An influential line-up of speakers covering topics ranging from 5G and the Internet of Things (IoT) to artificial intelligence (AI) and quantum sensing has been unveiled for the sixth annual CENSIS Technology Summit, with less than one month until the event takes place.

Organised by CENSIS – Scotland’s centre of excellence for sensor and imaging systems and IoT – the conference will feature a keynote address from Evan Cummack, head of IoT and wireless at San Francisco-based Twilio Inc, who will argue that, with IoT, we are at the genesis of a new computing platform that rivals the opportunities created by the PC, the web or mobile. 

The Technology Summit, which takes place on Thursday 7th November at Glasgow’s Royal Concert Hall, will be chaired by former BBC Scotland weather forecaster and meteorologist Heather Reid OBE. The Scottish Government’s Minster for Public Finance and Digital Economy, Kate Forbes MSP, will open the event. 

Delegates will also hear talks from Jan Jongboom, founder and chief technology officer at Amsterdam-based Edge Impulse; former BT CTO Peter Cochrane, Kai Bongs, director at the UK Quantum Technology Hub for Sensors and Metrology; and Lauren Gemmell, senior manager of software development at Amazon’s Edinburgh Development Centre.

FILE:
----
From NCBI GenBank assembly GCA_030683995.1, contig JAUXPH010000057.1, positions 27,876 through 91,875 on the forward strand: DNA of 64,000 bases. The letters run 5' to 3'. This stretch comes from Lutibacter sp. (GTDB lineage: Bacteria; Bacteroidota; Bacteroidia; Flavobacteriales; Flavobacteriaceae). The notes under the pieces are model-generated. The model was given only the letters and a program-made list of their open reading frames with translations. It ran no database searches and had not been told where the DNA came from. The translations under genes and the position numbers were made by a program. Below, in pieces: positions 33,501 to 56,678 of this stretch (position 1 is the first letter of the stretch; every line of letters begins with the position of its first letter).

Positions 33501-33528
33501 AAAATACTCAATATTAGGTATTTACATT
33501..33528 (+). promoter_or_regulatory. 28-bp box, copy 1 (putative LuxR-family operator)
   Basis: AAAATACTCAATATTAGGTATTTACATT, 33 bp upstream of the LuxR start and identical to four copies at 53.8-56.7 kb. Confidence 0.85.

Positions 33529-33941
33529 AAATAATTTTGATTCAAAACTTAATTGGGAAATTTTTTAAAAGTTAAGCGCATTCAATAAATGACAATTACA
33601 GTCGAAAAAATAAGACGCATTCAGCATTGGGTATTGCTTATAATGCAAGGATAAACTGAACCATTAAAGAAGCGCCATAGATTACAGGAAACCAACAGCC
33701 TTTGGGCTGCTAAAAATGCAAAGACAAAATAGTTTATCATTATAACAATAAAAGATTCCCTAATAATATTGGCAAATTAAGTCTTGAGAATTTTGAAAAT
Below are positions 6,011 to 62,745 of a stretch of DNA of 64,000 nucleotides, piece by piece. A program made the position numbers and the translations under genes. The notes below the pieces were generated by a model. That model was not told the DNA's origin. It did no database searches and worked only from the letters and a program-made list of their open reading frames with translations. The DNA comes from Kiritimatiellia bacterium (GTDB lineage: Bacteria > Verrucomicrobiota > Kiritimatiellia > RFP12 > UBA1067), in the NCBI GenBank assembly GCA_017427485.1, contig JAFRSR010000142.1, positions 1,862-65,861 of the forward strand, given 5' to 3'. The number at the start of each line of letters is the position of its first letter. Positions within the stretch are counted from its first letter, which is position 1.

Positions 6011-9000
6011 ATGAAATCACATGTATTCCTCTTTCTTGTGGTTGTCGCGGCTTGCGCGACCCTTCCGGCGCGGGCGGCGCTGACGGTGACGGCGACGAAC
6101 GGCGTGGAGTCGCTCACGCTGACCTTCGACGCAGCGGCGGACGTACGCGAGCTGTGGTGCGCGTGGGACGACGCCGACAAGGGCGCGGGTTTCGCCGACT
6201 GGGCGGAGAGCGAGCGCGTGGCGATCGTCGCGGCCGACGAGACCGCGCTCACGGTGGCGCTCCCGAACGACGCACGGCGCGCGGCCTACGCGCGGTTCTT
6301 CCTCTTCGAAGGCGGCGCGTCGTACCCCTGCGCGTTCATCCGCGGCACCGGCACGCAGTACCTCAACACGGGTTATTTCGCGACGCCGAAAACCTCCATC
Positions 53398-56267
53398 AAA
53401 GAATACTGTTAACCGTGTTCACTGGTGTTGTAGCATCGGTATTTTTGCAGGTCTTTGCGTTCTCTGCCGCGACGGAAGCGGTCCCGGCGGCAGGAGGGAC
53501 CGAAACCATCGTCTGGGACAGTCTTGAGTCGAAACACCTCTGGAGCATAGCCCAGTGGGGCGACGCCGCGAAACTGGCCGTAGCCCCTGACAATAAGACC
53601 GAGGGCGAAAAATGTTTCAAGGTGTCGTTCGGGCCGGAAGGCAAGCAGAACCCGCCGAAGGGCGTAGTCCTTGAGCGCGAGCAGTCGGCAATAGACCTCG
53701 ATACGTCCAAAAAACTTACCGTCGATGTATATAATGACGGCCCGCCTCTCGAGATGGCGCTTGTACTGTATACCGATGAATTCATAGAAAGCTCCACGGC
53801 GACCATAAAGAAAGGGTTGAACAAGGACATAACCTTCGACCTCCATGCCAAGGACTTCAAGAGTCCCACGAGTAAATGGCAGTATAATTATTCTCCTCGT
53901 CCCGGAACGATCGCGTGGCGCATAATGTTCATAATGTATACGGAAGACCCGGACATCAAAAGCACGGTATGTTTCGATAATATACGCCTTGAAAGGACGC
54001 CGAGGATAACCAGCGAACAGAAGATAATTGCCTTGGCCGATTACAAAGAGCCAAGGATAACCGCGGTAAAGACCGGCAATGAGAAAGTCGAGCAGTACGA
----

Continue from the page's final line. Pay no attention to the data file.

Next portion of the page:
The conference, which attracted more than 500 delegates in 2018, brings together organisations that are already involved in sensing, imaging and IoT technologies, and any businesses looking to harness their potential. There is also broad representation from industry and academia across the UK and Europe.  

Paul Winstanley, chief executive of CENSIS, said: “With such a strong and varied team of speakers, who are all highly regarded in their industries, this year’s Technology Summit is set to be a fantastic, informative event for all our delegates. We’re hoping to both inspire and encourage Scottish businesses to make the most out of the opportunities available through emerging digital technologies, whether it is AI or IoT.

“We’re passionate about supporting organisations in Scotland to overcome technology barriers to drive growth and, by working collaboratively to harness academic research and expertise to solve real-life business problems, every sector of the economy could be transformed.”

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